|Roseate Tern seen in Marathon|
Photo by Bob Pelkey
Bob Pelkey and I headed down to The Keys to look for several specialities that make a home in the Keys. Also hoping that we could come across any vagrants from the West Indies. Like the Antillean Short Eared Owl or the Bahama Mockingbird recently sighted in Key West.
Actually we are at least a month late for the best spring-time birding. But logistics delayed us till late June. One positive was that June is a slow time for tourism making travel a lot easier.
We arrived in Key West at sunrise to the sounds of crowing chickens and calling White-eyed Vireos. Ft Zachary Taylor State Park was our first stop were we quickly tally White-crowned Pigeons, Magnificent Frigatebirds and a Great White Heron ( the white morphed form of the Great Blue Heron). A short-eared owl had recently spent some time here was now long gone and a recently reported Bahama Mockingbird was also not located. Just saw a report that the day following our visit a smooth-billed ani was seen.
We then made several stops in the lower Keys to find and photograph several Black-whiskered Vireos, Gray Kingbirds, more White-crowned Pigeons and the famous diminutive Key Deer, a sub-species of the white-tailed deer.
At Bahia Honda State Park we added Least Terns, Black-bellied Plovers, Wilson's Plovers, Semipalmated Plovers Ruddy Turnstones and a trio of Killdeers.
By the early afternoon we had arrived in Marathon and located a flock of a least twenty beautiful Roseate Terns in their best breeding colors. Bob noted in his photography that several were banded. I noticed a strange little lizard that I found was a Northern Curly-tailed Lizard which originally came from the Bahamas.
After a muched needed break we later regrouped at the Marathon Airport to await the arrival of a pair of Antillean Nighthawks. Before their arrival we watched several birds working the wet areas at the west end of the air strip. They included Laughing Gulls, Black-bellied Plovers, a dozen Short-billed Dowitchers, a trio of Black-necked Stilts, White Ibis, a Glossy Ibis, Grackles and Starlings.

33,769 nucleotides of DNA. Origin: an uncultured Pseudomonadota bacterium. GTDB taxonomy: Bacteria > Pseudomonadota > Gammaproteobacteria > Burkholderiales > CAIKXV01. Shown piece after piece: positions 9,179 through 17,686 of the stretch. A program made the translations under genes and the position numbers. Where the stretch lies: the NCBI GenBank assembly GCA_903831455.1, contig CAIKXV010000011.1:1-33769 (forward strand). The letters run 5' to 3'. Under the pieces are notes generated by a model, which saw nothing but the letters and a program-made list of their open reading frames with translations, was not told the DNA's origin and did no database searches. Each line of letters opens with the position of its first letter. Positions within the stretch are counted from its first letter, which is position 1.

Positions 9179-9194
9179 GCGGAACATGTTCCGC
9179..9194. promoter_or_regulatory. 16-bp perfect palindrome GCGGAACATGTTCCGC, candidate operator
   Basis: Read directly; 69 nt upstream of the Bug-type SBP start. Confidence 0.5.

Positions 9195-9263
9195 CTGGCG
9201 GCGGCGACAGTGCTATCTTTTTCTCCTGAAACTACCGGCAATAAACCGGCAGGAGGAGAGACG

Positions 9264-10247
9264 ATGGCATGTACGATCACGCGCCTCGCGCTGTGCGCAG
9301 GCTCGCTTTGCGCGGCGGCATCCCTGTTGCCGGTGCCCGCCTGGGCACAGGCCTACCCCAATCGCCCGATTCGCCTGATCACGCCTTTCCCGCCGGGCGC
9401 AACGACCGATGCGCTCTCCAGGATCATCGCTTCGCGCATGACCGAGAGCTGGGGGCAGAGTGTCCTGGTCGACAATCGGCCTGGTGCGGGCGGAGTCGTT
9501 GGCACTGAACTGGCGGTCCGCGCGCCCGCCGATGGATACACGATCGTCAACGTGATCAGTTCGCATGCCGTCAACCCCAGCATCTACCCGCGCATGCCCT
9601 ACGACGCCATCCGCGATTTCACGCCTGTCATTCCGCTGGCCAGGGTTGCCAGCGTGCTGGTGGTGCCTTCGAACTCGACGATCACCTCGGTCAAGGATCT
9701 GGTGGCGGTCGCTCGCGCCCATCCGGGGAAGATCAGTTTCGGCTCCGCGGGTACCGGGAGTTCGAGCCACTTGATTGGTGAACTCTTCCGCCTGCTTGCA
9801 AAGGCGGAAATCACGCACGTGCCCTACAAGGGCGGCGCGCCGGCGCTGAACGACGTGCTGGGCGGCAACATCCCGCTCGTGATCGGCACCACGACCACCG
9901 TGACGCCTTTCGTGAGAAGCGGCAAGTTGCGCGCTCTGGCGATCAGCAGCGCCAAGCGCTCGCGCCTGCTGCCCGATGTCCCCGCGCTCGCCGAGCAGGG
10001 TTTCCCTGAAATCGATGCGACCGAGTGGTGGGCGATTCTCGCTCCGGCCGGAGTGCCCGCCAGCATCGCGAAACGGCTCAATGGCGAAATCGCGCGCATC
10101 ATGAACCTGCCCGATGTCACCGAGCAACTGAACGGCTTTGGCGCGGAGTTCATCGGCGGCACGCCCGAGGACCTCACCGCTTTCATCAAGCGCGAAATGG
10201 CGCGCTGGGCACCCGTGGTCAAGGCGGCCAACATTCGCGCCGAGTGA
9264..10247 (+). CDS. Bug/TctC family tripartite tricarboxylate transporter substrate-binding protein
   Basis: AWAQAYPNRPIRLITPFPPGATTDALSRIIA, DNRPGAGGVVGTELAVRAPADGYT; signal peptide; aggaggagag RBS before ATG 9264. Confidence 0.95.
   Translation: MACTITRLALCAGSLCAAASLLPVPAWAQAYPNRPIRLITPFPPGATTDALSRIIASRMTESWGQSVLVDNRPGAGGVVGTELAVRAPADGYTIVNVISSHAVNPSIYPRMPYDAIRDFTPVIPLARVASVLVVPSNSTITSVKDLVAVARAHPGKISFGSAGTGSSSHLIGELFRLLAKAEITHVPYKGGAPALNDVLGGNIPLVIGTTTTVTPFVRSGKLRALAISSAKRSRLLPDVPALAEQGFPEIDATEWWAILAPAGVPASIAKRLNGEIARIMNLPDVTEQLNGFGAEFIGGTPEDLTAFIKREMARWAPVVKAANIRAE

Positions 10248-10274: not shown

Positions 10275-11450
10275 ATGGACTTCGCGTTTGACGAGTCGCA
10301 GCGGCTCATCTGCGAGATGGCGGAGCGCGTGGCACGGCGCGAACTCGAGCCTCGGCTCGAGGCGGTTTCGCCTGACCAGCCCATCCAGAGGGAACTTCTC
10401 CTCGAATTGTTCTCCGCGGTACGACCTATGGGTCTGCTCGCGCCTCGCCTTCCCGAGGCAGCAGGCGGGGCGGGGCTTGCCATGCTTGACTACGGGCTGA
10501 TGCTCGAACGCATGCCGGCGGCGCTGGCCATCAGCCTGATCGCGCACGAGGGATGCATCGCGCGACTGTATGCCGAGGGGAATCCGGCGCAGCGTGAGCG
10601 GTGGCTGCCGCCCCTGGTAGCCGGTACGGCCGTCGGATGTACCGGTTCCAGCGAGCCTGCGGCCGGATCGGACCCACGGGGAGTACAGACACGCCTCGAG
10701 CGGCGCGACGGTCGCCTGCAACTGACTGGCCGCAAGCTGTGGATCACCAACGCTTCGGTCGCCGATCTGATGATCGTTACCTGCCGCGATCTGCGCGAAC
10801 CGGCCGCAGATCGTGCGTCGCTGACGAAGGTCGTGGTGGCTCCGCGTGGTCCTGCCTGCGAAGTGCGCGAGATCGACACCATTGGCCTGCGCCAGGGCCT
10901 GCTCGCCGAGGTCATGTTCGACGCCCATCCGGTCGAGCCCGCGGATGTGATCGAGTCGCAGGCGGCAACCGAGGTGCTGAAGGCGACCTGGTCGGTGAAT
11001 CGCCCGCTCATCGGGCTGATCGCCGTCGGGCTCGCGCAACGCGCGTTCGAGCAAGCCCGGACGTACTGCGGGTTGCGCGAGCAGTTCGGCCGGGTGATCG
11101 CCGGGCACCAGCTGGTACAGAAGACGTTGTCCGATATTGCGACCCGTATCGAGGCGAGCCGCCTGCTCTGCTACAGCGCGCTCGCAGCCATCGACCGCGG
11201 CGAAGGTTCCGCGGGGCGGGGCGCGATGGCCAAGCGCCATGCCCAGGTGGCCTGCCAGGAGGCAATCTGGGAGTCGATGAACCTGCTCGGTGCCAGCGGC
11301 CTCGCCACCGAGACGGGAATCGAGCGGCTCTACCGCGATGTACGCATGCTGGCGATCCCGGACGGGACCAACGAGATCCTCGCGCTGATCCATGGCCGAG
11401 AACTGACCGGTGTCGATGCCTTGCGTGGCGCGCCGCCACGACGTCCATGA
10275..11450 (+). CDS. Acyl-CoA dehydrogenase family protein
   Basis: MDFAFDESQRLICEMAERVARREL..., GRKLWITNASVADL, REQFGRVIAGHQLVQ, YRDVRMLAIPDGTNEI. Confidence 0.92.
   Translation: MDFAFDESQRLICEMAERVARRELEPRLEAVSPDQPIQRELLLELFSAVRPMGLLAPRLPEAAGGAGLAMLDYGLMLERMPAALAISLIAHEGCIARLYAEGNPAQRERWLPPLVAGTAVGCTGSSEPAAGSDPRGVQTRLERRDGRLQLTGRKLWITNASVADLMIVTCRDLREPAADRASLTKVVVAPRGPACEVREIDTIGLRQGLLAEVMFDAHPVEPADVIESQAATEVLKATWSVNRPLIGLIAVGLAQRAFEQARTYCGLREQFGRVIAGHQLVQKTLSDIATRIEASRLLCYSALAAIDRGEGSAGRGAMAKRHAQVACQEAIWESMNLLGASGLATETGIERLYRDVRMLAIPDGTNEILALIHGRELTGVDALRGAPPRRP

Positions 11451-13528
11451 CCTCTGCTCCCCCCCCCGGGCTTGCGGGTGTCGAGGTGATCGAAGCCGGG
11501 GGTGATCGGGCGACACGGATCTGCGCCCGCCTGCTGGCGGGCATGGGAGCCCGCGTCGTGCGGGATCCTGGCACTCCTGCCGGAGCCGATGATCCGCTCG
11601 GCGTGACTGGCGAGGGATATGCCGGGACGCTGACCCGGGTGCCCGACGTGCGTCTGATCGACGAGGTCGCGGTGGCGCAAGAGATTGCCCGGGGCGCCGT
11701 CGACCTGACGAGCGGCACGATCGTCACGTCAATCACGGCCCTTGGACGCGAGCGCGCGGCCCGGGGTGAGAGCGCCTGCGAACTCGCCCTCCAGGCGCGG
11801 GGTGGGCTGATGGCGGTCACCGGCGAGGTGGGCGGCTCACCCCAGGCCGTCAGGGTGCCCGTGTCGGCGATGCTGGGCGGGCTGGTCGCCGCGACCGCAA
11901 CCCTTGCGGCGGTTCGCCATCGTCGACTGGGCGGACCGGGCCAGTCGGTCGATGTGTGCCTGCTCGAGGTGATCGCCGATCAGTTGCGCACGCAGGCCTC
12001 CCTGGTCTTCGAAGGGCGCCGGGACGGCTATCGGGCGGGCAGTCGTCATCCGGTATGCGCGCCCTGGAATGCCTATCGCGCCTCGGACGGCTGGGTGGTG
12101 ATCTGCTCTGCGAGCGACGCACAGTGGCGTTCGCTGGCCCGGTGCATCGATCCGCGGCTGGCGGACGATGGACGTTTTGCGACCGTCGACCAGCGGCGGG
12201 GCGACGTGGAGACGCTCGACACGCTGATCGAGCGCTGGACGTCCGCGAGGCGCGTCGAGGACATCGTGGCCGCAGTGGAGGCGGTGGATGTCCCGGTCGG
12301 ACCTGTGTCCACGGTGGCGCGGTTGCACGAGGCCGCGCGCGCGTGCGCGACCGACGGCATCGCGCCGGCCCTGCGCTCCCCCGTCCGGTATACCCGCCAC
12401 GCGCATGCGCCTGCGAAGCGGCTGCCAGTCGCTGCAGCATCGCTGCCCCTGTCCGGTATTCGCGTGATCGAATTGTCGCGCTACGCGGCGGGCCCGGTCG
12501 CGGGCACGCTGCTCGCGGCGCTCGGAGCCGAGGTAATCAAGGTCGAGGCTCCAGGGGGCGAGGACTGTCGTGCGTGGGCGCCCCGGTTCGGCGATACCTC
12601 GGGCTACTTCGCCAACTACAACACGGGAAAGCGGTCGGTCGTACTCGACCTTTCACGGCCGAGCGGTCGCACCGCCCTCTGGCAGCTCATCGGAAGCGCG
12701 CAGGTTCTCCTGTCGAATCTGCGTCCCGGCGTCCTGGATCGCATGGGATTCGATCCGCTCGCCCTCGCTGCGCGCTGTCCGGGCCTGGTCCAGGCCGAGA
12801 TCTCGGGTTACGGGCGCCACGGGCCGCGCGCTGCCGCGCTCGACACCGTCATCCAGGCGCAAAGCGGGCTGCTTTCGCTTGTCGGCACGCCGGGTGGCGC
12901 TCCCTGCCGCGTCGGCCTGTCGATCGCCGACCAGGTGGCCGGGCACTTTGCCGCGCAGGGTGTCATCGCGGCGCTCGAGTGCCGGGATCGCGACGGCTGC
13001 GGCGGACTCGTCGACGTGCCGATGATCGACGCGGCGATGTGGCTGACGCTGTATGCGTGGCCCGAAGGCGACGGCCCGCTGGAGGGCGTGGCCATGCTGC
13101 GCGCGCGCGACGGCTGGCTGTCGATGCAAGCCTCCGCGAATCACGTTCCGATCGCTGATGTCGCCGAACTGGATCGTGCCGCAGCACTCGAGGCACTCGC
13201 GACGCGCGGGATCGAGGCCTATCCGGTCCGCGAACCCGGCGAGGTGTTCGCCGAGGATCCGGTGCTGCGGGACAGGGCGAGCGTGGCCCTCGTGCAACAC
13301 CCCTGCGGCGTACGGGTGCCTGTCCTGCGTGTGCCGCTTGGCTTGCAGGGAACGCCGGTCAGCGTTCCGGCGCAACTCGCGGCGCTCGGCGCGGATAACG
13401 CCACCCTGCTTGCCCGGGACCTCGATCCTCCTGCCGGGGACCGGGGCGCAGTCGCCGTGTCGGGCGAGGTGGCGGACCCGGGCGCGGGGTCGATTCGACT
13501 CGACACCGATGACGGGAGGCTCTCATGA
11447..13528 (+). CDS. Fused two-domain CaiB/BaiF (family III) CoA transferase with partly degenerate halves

From Marathon we headed back toward home with stops at Long Key State Park, John Pennekamp Coral Reef State Park and Dagny Johnson State Park. Not much new was added with these stops except for Bob's success in photographing a Mangrove Cuckoo, which later review turned into a Yellow-billed Cuckoo, at Dagny. I dipped on the cuckoo as it flew of before I could get a look.
We tried to investigate the mangroves at the Card Sound Road tollbooth for cuban yellow warblers, but the deer flies drove us to quickly retreat to Bob's car. In Homestead we added Mynah birds. At this point we bailed on heading over to the University of Miami campus for parrots and other exotics. Instead we took a quick run over to the Lucky Hammock area outside of the entrance to Everglades National Park. Here we added Swallow-tailed Kite, a sleeping Common Nighthawk resting on a telephone line and a calling Northern Bobwhite sitting in a tree.
Here we ended the trip and headed back to Ft Myers. Our over-all count, as expected for this time of year, was low, but we did find all but one of our target birds on this trip. Plans are to repeat again next year in May and to add a trip out to the Dry Tortugas.